This time Wayne has been sent a message from the spirt of Jim Morrison, of the Doors who tells Wayne he must put on a concert in Aurora and find the meaning of his life. Wayne takes the message very seriously and even flies to London, England to find Del Preston who used to be friends with Jim way back when. Now our duo must deal with putting on their TV show, raising enough money for a permit to hold the show Wayne titles "Waynstock" and deal with Cassandra being taken away from him by her manager. Not to mention Wayne has to prove himself worthy with Cassandra's father and Garth has a close encounter with a beautiful woman, Honey Hornee' (Kim Bassinger) who takes an instant liking to him but may be up to more then just a one night stand.

Overall the movie is on par with the first one. All the funny one liners and sight gags and situations fly by us with the same familiarity that the first gave us. We jump right back into the universe we left a year ago and it's like we never left it. A classic mock Kung Fu fight between Wayne and Cassandra's father with dubbed English while they talk is a priceless moment. As well as Wayne, Garth and two friends dressed up in outfits that the Village People music group wore spying on Cassandra and her manager only to be spotted by them and having to perform as said group in a Male only bar.

The only thing holding this movie back is that it seems too familiar, like we did this all before. There is enough original in this to make you forget the first but too much was taken from the first to make it more like a differnet version of the same. It still holds it own though quite well. Many more stars this time around play bit parts like for instance Drew Barrymore, Jay Leno, Heather Locklear, Metalica and Rip Taylor having parts that are just randomly thrusted upon us. Some play themselves while others playing differnet parts. Of course we can't forget the late and great Chris Farley who I must admit seemed a bit out of place in the part they gave him, but always cool to see him any time.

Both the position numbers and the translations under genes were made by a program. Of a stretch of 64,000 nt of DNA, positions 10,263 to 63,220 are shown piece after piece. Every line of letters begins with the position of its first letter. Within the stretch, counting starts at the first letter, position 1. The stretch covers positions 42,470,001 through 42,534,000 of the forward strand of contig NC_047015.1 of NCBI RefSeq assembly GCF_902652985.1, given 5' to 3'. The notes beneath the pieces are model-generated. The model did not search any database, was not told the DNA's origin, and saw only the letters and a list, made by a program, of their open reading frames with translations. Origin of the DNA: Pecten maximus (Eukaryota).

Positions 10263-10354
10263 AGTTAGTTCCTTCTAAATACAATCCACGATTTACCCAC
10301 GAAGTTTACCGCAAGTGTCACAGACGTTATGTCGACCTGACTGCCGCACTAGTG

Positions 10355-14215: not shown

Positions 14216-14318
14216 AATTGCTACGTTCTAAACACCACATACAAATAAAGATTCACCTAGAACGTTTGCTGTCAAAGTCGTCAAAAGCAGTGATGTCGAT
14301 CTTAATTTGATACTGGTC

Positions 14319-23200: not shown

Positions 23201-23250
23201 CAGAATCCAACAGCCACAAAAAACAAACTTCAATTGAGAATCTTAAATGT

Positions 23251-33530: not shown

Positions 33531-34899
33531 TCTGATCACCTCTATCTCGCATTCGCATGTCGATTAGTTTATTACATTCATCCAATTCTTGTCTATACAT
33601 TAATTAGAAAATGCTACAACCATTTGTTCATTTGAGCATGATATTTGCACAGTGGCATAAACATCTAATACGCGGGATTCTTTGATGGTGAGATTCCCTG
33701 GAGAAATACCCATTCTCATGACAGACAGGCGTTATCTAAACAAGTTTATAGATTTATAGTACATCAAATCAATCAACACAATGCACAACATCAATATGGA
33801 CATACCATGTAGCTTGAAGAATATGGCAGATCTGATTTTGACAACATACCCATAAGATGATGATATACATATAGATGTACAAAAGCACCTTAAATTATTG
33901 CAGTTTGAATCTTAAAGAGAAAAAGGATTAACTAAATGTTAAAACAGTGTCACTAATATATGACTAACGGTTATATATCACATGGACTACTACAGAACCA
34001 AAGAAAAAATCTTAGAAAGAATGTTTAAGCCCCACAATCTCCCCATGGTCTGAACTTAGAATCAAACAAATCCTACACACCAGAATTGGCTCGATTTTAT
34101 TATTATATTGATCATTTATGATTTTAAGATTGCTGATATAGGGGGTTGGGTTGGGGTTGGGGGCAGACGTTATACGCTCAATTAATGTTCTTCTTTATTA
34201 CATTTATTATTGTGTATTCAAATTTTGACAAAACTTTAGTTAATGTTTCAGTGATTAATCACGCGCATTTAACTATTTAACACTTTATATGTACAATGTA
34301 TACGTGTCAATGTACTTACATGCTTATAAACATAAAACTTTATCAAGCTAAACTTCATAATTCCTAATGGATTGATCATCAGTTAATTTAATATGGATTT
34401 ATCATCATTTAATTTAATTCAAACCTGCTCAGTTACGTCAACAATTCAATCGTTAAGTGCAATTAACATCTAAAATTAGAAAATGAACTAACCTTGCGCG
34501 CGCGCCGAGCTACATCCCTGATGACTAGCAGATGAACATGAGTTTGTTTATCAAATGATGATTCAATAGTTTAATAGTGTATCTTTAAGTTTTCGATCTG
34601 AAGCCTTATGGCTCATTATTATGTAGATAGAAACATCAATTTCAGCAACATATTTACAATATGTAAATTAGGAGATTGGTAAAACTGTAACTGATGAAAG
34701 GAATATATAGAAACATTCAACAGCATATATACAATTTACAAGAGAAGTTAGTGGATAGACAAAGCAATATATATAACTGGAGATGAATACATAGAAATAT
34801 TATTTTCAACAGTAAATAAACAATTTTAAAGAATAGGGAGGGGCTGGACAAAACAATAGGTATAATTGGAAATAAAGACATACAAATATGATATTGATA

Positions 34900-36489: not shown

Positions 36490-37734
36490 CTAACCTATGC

While some of the jokes were recycled from the first movie, Ie) the alternate ending and the new guy stealing Wayne's girlfriend from him while Wayne gets jealous all the while.. there are some great new gags. I loved the moment towards the end when Wayne stops at a gas station for directions and some bad old actor is giving Wayne some sad story about the street he is looking for only for Wayne to say he wants a better actor for this part and they suddenly change the actor before our eyes to someone better. Some new jokes didn't work like Wayne and Garth being lifted on their backs at the concert they are at and after they are placed down a lot of weird items are being sent in the same mannor to the security guards.

That was probably one of those better on paper then it actually turned out to be moments that should have been left on the drawing board. It is also a bit dated, jokes that were funny in 1993 may seem a little silly now. For instance the Jurrasic Park moment but that's to be expected in these type of comedies. Usually popular pop culture of the time will be spoofed and if anything it brings back fun memories of yesteryear. [RL] These are both Widescreen Presentations (1.85:1) enhanced for 16x9 TVs and comes with the following Special Features:

'Wayne's World':
Audio Commentary by director Penelope Spheeris
"Extreme Close-up” Featurette (23 mins, SD)
Theatrical Trailer (HD)

'Wayne's World 2':
Audio Commentary by director Stephen Surjik
“Extreme Close-up” Featurette (14 mins, SD)

www.Paramount.com/HomeEntertainment